October - James TissotOctober is a busy month for hatches, matches and despatches in A Set of Lies.
In October 1816 Sir Bernard Lacey (spymaster to the Duke of Wellington) married Constance Shaw, a marriage witnessed by his neighbour, the man now known as Claude Olivierre.
On 2 October 1882, Sir Bernard’s younger grandson, Sir Augustus Lacey, was murdered by cut throats in the back streets of London leaving his wife of little more than six weeks and his unborn son. Almost exactly 35 years later, 31 October 1917, that son (Sir Bertie) died after being hit by a car during an air raid in London.
On 21 October 1890 Sir Bernard’s youngest great grandson, Henry Lacey, was born. He lived a long life and played a critical role in preserving an important locket.
The last baronet of the Lacey line, Sir Arthur Lacey, Sir Bernard’s only great great grandson, was born 14 October 1935.
Confused? You won’t be when you read A Set of Lies.
As the history of the Lacey family unfolds the secret of the man they knew as Claude Olivierre is exposed.


The last days of Power and Freedom

LignyNapoleon, having escaped Elba, re-established himself as Emperor and raised a vast (if largely untried) army, was facing the combined forces of Austria, Prussia, Russia and the United Kingdom who threatened to invade France. On the basis that attack is the best form of defence Napoleon sought to defeat the Prussians and the British before the armies could link up and on 15th June 1815, by clever use of misinformation, established his position between those two armies in what is now southern Belgium.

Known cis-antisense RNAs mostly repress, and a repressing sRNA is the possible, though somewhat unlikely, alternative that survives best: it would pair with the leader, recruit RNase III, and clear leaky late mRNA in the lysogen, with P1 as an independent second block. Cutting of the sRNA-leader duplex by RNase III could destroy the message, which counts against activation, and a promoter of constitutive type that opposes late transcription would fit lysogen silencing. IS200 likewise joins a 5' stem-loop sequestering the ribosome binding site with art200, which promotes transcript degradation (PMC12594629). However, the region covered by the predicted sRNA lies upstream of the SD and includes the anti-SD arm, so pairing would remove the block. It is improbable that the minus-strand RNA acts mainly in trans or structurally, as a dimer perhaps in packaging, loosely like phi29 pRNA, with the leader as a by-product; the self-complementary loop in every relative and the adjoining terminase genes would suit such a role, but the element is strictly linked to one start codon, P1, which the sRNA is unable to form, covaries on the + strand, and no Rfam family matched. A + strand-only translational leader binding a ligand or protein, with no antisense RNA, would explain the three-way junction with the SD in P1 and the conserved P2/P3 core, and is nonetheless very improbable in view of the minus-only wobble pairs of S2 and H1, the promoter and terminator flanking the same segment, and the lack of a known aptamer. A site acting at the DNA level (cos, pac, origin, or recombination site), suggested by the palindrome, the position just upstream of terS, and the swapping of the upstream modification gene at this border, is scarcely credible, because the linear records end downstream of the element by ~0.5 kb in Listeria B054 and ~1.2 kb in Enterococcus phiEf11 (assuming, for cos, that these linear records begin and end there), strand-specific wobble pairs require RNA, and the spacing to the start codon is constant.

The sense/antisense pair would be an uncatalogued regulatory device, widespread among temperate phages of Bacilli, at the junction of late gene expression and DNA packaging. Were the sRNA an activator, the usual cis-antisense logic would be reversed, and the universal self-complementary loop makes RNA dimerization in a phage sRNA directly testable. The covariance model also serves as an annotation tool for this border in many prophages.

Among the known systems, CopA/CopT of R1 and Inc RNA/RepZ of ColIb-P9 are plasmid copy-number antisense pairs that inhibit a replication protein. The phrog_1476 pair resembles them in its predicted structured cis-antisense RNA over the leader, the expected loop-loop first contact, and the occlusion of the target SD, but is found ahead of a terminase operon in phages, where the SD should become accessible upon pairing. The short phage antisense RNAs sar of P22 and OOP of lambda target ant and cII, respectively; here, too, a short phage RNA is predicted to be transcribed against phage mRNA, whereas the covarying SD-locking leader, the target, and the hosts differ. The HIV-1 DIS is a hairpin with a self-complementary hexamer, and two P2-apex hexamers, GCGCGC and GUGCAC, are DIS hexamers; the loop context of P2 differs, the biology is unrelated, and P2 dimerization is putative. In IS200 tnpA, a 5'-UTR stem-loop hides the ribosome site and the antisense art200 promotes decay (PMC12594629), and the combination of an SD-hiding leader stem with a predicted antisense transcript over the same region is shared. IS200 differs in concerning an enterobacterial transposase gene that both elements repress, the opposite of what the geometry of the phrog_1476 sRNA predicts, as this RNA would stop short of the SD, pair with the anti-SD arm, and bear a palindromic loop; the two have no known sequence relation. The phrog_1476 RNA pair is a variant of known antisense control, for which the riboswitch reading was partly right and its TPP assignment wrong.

On Friday 16th June 1815 two of the main protagonists of the more famous battle which was to follow two days later faced each other in the Battle of Ligny.

Field Marshal Blücher, commanding the Prussian army (84,000 strong), was facing up to the Armée du Nord (68,000 men) under the command of Napoleon Bonaparte. 24,000 men were killed or wounded.

The Duke of Wellington had been caught unprepared as he was, famously, attending the Duchess of Richmond’s ball in Brussels when he was told of the proximity of the French. He engaged a smaller French army at Quatre Bras. 9,000 men were killed or wounded.

Two days later, Sunday 18th June, the French fought the British under Wellington and, against all odds, Blücher’s battered Prussian army arrived on the field of Waterloo just in time to turn the tide of battle against Napoleon. 65,000 men were killed or wounded.

History records that these mid-June days two hundred years ago were the last days of Napoleon’s power and freedom.

But perhaps what history records of the events after June 18, 1815 is all A Set of Lies.



Coat of ArmsMay 1st was the anniversary of Wellington’s birth (probably in Dublin but there is a little doubt about that). Being born on 1st May in 1769 he was just a few months older than Napoleon Bonaparte who was born in Ajaccio, on the Isle of Corsica on August 15th 1769.

May 5th is the anniversary of Napoleon Bonaparte’s official demise on the island of St Helena. By 1821 he had been in exile on that island for more than five years and was 51 years old. Wellington lived on until September 1852 – dying at the grand old age of 83.

Well – these are the official facts.

It’s interesting that the information on the internet is frequently completely wrong. One website has Napoleon Bonaparte dying on 5th May but being buried in Les Invalides in Paris on the 7th – that would have been good going even with today’s transportation methods!

Other inaccuracies occur on the internet but the interesting one (almost, I would say, a Freudian slip) is that one well used and respected website has him dying in the United Kingdom. As a protectorate it is possible to say St Helena was ‘The United Kingdom’ but I prefer to think that – as described in A Set of Lies – he died on another island of the UK – the Isle of Wight – and that he outlived the Duke by six months.